from the diary of a rural boy.
The sun could fry a stray fingerling. We felt the burning soil under
our bare feet but that can’t stop us now, no, not this ‘one’ time. We
had gone through a lot together; through wet and dry, cold and hot,
thick and thin.
Days which, after a brief rain, we take trips into any
of the close-by bushes we choose, hunting for snails. Babatunde,
clutching the hunted unfortunate snails that fall on our path in a
black polythene bag with a certain pride that makes being a custodian
endearing to the rest of the boys. And though we trust him to make
sure our harvest did not elope into a haze, as Tolulope and I make
deeper search, we steal quick, frequent glance at Babatunde and
ofcourse, the polythene. Yet this will be only a fraction of our
numerous adventures, only a fleeting episode. And we wouldn’t trade
them, not even for video games at Chika’s father’s lush living room
nor Korede’s new leather ball which he wouldn’t allow you play until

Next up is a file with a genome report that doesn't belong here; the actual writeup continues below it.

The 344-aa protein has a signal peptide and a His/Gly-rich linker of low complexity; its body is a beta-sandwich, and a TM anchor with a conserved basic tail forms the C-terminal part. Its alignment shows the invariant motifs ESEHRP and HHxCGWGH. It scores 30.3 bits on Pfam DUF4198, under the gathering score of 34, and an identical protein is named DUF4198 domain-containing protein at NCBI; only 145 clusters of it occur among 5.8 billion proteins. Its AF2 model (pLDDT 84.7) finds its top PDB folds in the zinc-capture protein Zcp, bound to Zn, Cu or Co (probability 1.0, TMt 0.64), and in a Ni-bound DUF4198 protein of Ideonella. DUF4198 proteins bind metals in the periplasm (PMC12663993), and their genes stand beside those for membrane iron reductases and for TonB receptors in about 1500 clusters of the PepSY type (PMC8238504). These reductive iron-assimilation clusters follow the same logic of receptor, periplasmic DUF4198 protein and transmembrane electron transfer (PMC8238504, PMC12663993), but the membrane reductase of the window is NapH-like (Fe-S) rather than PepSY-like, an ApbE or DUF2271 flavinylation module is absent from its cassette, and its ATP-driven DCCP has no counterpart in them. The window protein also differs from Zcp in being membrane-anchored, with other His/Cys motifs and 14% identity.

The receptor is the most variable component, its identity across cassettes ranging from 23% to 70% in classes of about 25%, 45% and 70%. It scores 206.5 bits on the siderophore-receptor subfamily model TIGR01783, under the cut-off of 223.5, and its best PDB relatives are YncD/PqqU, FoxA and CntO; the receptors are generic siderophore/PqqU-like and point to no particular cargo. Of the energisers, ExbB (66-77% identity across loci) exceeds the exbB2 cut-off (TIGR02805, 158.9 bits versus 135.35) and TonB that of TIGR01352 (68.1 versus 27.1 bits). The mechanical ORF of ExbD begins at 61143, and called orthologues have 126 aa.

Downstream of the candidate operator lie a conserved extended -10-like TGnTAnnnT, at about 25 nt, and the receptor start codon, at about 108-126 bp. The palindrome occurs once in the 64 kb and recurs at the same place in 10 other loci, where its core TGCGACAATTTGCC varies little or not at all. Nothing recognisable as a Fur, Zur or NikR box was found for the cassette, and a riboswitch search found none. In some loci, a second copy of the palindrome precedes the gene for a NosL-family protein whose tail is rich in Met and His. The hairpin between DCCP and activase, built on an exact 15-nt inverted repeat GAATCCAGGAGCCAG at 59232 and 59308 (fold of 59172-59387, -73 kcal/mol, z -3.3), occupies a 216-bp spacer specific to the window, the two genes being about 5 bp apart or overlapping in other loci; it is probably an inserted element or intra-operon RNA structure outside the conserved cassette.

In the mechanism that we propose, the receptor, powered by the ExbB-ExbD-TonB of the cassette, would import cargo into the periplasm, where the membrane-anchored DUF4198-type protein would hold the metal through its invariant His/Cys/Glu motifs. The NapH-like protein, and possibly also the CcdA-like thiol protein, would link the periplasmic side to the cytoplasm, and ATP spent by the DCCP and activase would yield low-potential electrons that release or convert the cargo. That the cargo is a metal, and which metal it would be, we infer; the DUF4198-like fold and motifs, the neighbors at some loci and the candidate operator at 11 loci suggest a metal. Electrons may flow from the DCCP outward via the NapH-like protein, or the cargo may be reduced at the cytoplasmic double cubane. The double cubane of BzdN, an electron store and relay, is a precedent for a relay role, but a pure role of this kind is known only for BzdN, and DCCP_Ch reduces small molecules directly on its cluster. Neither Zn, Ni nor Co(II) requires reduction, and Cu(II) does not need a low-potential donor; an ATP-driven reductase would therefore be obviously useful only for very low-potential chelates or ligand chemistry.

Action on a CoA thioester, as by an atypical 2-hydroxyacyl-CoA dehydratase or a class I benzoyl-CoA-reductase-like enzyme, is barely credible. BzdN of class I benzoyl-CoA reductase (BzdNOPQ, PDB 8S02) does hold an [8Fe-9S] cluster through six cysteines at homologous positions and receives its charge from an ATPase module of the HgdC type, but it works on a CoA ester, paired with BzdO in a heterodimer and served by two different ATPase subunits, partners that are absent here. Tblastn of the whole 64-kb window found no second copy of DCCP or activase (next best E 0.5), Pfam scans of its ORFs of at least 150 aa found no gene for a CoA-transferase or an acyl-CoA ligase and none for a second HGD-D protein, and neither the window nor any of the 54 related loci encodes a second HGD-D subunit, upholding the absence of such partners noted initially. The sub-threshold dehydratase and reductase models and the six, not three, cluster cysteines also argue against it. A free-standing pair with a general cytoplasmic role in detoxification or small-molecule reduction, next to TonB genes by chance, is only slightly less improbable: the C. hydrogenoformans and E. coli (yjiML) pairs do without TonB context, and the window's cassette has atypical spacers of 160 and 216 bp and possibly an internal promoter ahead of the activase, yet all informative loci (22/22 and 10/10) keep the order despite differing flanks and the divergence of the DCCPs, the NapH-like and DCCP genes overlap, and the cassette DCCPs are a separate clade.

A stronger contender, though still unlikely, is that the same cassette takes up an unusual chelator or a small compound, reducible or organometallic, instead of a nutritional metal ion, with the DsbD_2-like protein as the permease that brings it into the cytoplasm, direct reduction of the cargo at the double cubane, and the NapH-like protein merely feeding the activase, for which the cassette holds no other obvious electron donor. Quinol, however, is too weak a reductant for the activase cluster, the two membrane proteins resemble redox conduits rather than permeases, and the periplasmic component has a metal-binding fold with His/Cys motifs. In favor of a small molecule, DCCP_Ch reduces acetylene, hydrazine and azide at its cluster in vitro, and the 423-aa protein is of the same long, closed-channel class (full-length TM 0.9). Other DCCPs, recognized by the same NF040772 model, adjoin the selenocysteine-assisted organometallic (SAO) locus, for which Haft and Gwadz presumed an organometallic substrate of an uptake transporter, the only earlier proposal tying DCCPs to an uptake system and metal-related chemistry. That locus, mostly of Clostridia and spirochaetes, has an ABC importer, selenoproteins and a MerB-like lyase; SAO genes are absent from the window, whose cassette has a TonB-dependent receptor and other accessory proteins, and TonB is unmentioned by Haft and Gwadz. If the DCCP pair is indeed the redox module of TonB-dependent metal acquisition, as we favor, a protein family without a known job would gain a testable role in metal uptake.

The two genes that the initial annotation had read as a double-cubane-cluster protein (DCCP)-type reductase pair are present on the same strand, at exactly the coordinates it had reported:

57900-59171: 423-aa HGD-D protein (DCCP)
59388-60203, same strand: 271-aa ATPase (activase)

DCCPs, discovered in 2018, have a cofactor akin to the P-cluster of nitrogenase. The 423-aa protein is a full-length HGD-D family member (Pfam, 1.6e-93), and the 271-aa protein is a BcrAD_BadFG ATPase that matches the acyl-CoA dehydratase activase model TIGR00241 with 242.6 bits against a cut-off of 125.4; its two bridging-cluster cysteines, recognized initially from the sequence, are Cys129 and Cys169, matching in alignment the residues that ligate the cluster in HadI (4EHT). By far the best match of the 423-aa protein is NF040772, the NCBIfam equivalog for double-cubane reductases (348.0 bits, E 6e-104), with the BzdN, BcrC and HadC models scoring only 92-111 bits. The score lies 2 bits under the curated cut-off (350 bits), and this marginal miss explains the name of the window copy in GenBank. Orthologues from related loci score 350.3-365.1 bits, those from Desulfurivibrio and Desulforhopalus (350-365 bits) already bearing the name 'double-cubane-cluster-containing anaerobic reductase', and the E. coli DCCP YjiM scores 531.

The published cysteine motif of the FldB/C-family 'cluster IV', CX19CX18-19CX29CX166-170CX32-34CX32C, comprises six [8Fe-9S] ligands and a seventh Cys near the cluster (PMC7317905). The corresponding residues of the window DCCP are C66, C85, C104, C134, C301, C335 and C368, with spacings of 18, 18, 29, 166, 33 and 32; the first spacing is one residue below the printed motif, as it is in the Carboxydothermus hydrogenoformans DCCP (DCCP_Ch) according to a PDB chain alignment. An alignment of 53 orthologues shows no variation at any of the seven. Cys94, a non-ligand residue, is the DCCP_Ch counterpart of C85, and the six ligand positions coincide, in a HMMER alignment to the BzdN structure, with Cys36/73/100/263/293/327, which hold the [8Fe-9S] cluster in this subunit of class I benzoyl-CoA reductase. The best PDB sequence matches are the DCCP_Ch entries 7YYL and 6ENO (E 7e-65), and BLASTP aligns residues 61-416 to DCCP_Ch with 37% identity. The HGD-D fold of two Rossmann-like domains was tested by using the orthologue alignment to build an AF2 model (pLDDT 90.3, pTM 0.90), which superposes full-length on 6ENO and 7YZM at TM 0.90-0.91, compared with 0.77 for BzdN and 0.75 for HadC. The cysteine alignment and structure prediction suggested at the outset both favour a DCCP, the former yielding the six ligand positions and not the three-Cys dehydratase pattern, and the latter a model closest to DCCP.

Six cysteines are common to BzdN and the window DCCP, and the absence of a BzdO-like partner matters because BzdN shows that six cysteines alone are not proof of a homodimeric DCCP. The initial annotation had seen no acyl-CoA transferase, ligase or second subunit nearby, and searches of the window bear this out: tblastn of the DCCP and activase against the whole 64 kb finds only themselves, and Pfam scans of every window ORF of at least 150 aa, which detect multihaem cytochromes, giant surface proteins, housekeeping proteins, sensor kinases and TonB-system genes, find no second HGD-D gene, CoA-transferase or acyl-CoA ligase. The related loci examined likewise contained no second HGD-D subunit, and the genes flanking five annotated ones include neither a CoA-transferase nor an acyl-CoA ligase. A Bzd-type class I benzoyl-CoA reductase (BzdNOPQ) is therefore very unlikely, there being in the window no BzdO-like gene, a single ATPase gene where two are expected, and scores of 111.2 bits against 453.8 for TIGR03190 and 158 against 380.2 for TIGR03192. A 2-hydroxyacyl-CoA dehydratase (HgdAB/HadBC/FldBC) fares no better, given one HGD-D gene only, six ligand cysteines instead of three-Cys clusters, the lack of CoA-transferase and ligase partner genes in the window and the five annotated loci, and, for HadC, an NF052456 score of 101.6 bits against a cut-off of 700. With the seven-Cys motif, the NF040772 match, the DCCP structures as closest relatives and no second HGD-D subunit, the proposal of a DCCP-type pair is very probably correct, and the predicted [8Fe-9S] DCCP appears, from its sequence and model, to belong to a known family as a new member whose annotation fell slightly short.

you give a solemn promise you would not kick the ball too hard. If you
do, it may damage too quickly, he says. Tolulope, Babatunde and I had
non of these rubber toys, and convincing ourselves we are too big to
punch all day at plastic game pads and run about chasing oval leather,
we created our own activity.
This afternoon however, we are not out searching for snails neither
are we picking fights nor crown corks. We had a new company; a bicycle
which riding we shared among us. The others walk behind while you
enjoy your ride till it’s someone else’s turn. We shared many more
things afterwards that gave us bigger problems to fall into, new
things to fight about and stronger hays to knit our bond with.
Chris Tilewa is a young Nigerian who writes, and still dreams about
his first book. Presently lives within the boarders between Lagos and
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